The Carlisle Mosquito Online

Friday, November 5, 2004


Biodiversity Corner Woolly Bear

Name: The Woolly Bear caterpillar is the larval stage of the Isabella Tiger Moth, Isia isabella a.k.a. Pyrrharctia Isabella. Other common names for the caterpillar are the banded woolly bear, the fuzzy bear, the hedgehog caterpillar (because of the way it curls into a ball when disturbed), and in the southern U.S. it is called the woolly worm.

Woolly Bear (Photo by Kay Fairweather)

When and where seen: Jon Golden found the woolly bear at the back of his house on School Street on October 30. You are most likely to notice woolly bears in September and October when they crawl around looking for a sheltered place to spend the winter. Since they spend the winter as caterpillars, it is possible to see them later in the year.

Identification: The woolly bear caterpillar is about 2 inches long and has a dense covering of bristles. At the head and tail end the bristles are black, and in the center they are a reddish brown. The width of the bands of color varies. The woolly bear moves quite quickly — for a caterpillar — at a rate of about four feet per minute. If you touch one or pick one up, it will immediately curl up into a tight ball.

Other tiger moth caterpillars: The woolly bear is the best known of the tiger moth caterpillars. All are quite common in the fall; all will curl into a ball; and all of them are reasonably large and hairy. The 3 black and brown bands distinguish the woolly bear from the others. I found a giant leopard moth caterpillar this fall. Despite its name, it is also a member of the tiger moth family. The bristles are all black and when the caterpillar curls up you can see bright red bands between the body segments.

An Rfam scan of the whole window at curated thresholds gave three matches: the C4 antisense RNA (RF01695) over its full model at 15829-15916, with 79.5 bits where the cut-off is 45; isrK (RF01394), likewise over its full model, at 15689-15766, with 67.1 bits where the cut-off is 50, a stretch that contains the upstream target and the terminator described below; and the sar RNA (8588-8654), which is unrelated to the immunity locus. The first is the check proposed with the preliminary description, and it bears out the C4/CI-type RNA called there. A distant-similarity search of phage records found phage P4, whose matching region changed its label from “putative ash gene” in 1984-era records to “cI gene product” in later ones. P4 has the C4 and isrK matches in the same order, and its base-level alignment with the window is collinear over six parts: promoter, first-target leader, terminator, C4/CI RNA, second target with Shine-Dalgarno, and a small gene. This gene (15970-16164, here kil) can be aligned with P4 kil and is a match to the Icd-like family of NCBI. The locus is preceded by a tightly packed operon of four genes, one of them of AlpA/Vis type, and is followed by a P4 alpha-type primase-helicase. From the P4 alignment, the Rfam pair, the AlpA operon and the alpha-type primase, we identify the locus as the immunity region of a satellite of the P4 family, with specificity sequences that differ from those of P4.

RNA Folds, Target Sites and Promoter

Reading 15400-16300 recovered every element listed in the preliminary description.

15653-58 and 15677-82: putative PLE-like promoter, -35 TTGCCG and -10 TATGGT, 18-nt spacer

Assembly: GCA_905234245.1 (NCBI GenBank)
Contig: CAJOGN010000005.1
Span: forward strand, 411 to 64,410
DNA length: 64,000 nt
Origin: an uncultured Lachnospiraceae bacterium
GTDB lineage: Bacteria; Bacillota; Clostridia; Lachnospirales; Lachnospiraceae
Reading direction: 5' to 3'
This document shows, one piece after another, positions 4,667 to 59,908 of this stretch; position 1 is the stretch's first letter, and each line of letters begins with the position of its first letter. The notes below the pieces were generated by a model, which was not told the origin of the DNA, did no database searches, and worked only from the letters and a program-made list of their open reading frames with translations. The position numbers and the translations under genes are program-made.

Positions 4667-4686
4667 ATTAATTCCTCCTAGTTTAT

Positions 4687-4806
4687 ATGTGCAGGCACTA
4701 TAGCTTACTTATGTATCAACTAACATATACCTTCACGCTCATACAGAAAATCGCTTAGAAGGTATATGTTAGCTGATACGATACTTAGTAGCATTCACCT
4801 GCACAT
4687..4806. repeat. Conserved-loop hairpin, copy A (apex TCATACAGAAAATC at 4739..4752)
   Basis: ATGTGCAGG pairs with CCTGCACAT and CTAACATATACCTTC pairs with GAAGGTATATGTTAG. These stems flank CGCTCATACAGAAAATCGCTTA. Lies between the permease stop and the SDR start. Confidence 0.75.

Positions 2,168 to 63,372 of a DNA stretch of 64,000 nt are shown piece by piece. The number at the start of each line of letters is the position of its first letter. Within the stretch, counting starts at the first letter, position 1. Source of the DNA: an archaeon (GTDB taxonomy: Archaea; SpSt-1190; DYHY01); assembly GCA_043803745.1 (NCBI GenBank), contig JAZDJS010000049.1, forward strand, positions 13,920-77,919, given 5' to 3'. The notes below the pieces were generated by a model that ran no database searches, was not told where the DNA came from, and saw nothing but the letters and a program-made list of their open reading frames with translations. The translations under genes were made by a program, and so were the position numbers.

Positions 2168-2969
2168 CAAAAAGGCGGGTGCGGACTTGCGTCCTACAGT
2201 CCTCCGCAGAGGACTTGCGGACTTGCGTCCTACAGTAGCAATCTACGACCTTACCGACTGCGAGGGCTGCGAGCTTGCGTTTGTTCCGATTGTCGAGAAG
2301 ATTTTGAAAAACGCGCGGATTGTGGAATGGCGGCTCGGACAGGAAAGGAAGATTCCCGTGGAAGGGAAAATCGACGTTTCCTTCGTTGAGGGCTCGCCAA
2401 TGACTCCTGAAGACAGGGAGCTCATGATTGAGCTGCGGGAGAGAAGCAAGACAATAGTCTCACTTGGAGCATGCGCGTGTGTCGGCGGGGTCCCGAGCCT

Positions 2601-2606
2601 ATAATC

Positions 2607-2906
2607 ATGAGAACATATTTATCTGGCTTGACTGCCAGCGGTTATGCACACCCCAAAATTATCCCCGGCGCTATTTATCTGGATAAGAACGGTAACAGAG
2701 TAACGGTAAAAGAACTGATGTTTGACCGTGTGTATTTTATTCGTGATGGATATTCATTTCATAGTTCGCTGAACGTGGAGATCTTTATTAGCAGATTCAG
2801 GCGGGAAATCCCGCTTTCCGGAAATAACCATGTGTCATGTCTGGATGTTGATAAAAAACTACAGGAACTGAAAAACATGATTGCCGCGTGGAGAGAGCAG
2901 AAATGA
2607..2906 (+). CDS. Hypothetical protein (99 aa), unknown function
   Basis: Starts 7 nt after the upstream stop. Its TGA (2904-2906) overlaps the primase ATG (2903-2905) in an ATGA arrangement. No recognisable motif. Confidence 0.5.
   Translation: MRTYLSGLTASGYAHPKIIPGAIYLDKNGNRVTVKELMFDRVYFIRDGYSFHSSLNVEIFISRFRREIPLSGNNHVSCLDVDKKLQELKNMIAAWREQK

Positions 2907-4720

Food: Unlike some caterpillars that will eat only one species of plant, the woolly bear is not a picky eater. It will eat dandelion, plantain, nettles, and a whole variety of low-growing weeds and grasses.

Weather forecasting: According to folklore, the width of the brown band on the woolly bear is a predictor for severity of the upcoming winter — the wider the brown band, the more mild the winter. What really seems to be happening is that the color varies with the age of the caterpillar, so if the past winter was heavy and spring was late, the fall caterpillar would be younger and sporting different color patterns.

References: Peterson First Guides, Caterpillars, Amy Bartlett Wright; Stokes Nature Guides, A Guide to Observing Insect Lives, Donald W. Stokes; Farmers Almanac on the web at; Central Region HQ for the National Weather Service at

Submissions for the Biodiversity Corner are encouraged from everyone. Please feel free to write up any species that interests you. The only requirements are that it exists in the wild and was seen in Carlisle. You can also let me know what you've seen and I will write it up. Send your info to Kay Fairweather at 392 School Street, Carlisle MA 01741 or to

2004 The Carlisle Mosquito